Every so often but especially at the close of summer, a Variety reporter or two will write a story about how the formulas or genres that seemed to be working a year or two ago don’t seem to be working any more. Trying to calibrate the willingness of ticket-buyers to line up for this or that kind of film based on apparent trends or sociological currents is horseshit, of course. Movie-making is about inspiration, talent and gambling, and either you get that and run with it or you don’t.
Most producers and studio execs don’t, of course. Most are afraid to even go in the water, much less take a dive off the high board.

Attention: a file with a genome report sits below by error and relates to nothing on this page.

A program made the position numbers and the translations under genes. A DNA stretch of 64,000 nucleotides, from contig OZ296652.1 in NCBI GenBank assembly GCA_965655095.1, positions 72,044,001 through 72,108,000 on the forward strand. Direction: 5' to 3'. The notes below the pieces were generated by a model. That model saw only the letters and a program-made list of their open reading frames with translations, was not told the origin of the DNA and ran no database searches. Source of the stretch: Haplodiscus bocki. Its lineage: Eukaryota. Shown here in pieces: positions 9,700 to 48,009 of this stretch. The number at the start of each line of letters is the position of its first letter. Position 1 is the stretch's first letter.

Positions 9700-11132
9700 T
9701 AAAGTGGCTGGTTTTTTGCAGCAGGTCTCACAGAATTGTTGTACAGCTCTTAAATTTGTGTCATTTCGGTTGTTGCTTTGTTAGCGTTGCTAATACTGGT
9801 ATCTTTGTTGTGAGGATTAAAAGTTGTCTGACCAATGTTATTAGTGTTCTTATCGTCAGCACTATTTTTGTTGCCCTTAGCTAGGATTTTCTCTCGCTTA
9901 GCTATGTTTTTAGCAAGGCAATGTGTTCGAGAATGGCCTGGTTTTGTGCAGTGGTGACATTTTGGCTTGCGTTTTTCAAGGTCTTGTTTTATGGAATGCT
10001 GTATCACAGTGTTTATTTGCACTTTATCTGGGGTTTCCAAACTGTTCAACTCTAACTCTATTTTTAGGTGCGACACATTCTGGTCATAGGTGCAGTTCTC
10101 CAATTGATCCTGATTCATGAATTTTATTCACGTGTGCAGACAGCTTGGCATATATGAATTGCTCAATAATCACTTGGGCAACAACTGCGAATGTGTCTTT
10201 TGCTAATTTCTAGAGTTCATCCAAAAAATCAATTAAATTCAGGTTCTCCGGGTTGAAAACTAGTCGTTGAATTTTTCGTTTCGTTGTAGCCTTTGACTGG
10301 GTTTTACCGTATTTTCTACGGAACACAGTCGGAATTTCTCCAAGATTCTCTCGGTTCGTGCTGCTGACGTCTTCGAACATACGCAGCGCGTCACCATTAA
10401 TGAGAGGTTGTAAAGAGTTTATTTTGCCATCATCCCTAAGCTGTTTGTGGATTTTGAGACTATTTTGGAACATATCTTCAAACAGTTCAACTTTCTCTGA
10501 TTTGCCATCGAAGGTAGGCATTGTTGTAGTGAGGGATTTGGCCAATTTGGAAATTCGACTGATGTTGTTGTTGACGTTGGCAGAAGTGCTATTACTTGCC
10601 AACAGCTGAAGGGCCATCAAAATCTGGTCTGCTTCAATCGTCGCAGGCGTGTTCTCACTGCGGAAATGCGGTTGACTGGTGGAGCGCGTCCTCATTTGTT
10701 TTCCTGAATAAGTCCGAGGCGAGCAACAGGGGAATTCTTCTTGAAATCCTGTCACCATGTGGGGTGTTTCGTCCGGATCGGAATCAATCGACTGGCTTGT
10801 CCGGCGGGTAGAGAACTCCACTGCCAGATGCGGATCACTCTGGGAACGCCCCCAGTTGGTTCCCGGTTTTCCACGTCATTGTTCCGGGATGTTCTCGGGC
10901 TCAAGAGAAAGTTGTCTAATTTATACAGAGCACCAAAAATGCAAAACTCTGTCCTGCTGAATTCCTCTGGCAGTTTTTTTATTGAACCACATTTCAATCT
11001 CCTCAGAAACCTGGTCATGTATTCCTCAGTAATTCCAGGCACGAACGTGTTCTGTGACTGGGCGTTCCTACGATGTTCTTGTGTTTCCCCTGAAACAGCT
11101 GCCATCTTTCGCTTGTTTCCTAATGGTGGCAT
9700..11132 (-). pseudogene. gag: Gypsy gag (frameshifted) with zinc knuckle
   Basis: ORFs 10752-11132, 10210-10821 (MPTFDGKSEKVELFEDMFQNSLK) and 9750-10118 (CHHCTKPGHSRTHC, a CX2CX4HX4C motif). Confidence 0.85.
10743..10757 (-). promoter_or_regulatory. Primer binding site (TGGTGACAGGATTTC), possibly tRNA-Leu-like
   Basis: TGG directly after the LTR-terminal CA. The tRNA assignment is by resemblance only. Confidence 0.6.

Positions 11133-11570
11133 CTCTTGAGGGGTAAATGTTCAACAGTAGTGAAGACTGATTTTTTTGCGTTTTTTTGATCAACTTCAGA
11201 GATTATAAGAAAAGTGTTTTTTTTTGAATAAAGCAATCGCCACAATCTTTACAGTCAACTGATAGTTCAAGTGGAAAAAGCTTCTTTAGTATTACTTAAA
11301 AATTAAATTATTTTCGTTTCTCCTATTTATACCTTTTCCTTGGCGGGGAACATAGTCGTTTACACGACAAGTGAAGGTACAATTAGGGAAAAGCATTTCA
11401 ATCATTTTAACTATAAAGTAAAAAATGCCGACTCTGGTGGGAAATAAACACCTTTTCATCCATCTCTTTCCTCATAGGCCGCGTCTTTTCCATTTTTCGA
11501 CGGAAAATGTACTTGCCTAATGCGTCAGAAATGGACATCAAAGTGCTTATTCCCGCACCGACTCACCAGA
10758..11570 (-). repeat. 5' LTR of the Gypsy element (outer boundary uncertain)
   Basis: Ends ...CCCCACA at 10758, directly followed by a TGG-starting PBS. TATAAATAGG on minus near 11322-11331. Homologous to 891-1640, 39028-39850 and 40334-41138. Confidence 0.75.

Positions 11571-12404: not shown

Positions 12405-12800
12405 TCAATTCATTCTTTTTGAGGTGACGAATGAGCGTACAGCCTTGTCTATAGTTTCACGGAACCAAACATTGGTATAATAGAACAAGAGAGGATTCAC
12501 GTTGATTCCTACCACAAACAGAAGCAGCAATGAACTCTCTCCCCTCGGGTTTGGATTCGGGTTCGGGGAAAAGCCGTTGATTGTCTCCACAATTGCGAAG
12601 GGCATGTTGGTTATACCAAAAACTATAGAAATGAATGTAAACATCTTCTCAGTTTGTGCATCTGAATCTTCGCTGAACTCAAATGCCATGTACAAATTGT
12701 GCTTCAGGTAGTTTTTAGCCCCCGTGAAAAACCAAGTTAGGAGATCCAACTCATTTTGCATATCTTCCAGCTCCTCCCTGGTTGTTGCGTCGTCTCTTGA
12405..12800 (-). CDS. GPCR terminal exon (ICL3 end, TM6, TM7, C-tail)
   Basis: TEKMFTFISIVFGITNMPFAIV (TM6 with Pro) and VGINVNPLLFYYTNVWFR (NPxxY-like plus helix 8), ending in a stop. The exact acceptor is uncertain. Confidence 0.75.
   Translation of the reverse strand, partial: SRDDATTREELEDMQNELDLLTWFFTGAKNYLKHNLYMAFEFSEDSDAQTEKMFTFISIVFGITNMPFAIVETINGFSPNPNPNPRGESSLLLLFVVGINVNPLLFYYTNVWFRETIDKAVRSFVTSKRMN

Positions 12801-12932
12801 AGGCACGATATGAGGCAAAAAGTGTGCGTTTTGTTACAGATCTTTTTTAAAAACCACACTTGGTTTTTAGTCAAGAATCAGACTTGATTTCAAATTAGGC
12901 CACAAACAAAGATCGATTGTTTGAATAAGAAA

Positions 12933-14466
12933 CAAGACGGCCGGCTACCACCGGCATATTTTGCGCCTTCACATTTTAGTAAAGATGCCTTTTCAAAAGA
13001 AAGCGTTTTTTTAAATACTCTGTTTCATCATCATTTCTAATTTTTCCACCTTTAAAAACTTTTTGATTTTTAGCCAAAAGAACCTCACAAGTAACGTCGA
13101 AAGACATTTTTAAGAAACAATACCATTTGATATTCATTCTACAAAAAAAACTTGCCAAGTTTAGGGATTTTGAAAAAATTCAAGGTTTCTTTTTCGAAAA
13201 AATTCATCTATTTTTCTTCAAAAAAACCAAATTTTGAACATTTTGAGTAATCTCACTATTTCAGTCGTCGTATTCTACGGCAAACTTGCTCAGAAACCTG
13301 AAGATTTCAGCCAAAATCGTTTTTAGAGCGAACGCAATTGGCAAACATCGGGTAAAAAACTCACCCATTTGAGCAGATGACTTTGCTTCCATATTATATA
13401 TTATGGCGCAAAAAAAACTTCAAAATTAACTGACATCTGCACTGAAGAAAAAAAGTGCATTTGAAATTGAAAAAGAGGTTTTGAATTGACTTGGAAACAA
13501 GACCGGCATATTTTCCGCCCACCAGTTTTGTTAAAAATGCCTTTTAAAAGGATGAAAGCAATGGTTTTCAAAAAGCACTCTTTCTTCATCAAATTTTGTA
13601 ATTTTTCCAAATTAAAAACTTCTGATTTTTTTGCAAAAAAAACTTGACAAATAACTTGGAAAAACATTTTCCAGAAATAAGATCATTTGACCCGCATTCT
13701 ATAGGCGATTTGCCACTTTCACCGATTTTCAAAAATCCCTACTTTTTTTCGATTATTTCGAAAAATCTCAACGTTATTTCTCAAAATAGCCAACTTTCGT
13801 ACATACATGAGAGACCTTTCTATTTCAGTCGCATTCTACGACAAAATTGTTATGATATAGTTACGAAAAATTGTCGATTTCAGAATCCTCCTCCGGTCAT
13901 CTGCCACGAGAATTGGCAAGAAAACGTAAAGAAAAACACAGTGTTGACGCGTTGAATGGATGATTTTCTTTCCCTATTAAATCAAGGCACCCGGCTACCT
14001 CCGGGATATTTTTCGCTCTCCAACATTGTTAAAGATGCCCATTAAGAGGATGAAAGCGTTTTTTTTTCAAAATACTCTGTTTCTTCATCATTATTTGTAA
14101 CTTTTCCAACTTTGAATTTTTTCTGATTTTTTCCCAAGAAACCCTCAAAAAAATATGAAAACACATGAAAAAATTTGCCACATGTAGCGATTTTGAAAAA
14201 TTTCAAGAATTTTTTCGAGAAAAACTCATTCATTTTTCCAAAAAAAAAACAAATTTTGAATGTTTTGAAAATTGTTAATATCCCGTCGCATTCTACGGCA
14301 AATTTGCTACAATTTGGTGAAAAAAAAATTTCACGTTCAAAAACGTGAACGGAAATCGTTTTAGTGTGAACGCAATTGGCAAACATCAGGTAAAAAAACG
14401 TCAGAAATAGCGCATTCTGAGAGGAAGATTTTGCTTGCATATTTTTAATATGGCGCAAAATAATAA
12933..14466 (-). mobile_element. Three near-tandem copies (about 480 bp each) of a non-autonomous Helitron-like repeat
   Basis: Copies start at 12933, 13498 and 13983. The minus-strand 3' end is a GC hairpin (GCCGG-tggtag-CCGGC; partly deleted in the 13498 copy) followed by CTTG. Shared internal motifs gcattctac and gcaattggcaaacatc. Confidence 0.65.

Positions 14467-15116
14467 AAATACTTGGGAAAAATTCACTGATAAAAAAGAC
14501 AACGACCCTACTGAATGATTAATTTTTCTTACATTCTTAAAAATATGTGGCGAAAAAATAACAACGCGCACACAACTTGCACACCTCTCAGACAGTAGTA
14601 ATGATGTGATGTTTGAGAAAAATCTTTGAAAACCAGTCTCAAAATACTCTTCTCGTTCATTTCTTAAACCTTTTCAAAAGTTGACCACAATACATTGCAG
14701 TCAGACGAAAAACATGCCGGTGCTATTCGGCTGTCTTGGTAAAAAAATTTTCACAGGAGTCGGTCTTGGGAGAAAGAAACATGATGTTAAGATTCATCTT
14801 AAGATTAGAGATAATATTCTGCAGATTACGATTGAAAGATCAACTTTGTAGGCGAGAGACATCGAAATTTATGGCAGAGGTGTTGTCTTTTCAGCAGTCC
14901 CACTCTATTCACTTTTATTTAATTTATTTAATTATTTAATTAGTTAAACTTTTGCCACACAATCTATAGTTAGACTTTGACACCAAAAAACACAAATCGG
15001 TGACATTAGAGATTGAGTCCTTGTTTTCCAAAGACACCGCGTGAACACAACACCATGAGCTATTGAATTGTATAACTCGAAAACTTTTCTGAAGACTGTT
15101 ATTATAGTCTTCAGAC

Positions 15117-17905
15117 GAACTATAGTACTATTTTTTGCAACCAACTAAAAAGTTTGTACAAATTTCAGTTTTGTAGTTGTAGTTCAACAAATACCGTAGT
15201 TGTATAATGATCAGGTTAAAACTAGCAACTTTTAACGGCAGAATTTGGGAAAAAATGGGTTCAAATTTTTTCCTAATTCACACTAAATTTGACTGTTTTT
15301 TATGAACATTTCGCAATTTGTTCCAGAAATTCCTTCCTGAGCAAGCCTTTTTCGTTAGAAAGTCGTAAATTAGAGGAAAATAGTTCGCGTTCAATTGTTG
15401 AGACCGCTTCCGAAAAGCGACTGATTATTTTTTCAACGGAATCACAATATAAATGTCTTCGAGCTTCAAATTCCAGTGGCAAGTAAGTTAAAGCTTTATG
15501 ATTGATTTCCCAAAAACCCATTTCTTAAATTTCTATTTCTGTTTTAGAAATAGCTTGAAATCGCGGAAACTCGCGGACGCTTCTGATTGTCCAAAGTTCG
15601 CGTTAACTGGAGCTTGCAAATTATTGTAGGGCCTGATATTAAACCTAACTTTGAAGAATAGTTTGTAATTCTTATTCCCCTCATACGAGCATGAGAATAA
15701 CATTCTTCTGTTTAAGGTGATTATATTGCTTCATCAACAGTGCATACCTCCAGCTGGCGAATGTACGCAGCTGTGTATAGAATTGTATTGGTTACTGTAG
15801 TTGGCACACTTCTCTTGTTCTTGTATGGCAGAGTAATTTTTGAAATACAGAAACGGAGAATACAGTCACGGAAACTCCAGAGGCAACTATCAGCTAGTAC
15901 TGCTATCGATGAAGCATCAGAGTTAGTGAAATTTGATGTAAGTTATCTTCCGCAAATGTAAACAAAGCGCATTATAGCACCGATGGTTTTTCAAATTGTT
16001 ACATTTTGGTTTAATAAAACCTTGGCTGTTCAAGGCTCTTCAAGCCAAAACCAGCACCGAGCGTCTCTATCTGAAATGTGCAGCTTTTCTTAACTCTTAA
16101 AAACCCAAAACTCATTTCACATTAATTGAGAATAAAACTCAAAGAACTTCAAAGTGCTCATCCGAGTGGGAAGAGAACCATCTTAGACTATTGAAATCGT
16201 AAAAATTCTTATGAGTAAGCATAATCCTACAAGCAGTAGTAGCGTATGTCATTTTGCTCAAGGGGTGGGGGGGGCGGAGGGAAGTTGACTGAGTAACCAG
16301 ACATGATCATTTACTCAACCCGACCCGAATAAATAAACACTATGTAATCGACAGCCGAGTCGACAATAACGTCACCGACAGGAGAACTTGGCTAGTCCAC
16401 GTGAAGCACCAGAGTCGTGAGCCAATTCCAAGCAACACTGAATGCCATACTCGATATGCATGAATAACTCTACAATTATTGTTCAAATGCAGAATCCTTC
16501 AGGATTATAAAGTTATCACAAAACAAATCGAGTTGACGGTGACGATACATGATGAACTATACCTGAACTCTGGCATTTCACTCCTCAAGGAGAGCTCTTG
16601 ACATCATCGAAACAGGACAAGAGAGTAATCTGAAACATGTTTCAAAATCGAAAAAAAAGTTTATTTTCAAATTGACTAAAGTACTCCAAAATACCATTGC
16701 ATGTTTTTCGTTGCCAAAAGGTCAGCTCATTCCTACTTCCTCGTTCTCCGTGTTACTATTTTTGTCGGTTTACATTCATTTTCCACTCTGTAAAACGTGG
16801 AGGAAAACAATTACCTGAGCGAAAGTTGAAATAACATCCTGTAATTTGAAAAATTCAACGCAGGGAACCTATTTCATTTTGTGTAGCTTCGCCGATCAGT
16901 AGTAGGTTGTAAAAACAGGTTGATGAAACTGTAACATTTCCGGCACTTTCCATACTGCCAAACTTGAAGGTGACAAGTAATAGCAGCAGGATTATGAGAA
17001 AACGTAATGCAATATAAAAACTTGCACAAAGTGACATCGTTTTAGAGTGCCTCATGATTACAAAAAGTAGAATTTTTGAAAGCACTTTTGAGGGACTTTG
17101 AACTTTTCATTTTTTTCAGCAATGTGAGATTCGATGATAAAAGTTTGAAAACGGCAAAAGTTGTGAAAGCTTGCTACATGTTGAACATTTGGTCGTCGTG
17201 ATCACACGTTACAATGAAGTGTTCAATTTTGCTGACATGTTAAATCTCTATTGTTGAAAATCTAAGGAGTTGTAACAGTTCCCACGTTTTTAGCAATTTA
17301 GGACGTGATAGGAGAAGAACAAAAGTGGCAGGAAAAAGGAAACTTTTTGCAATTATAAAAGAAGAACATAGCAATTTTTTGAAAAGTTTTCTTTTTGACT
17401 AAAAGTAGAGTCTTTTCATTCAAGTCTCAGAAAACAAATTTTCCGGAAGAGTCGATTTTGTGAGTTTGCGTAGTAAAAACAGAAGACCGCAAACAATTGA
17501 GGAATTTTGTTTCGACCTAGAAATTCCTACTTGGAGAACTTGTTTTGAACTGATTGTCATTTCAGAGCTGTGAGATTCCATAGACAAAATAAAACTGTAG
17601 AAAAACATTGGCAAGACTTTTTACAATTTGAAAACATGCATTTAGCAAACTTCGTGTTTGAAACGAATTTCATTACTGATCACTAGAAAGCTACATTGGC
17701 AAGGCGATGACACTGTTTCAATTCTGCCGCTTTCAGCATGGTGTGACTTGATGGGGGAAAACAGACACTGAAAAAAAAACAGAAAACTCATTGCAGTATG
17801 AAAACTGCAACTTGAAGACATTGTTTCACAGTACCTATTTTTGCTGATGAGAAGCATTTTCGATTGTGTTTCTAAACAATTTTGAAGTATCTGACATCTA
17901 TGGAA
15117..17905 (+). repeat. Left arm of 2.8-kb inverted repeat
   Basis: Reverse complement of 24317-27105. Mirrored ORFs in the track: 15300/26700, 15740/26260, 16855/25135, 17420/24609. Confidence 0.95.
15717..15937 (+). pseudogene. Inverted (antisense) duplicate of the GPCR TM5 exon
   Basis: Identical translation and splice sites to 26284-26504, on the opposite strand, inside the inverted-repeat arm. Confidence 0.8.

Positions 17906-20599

The underlying theme of these boring-ass articles is that producers and studio execs are terrified down to their knuckles at the idea of getting behind a film (in an idea or script form) or making a decision to greenlight a film based on a love of what the film could be and a deep desire to see this potential realized. Almost nobody thinks or operates like this, of course — they all want insurance and safety and rules they can depend on. In my book, that makes them cowards, milquetoasts, dilletantes.
These end of-the-summer Variety pieces — this latest one is written by Ian Mohr — also tend to conclude that stars seem to be less and less of an assurance that audiences will show up in force. Only Adam Sandler delivers! And only when he’s in a typical Sandler-brand comedy. Which means (and you don’t have to tell Jeff Blake this) that Reign O’er Me, good as it is (with a truly fine Sandler performance at the heart of it), is no slam-dunk.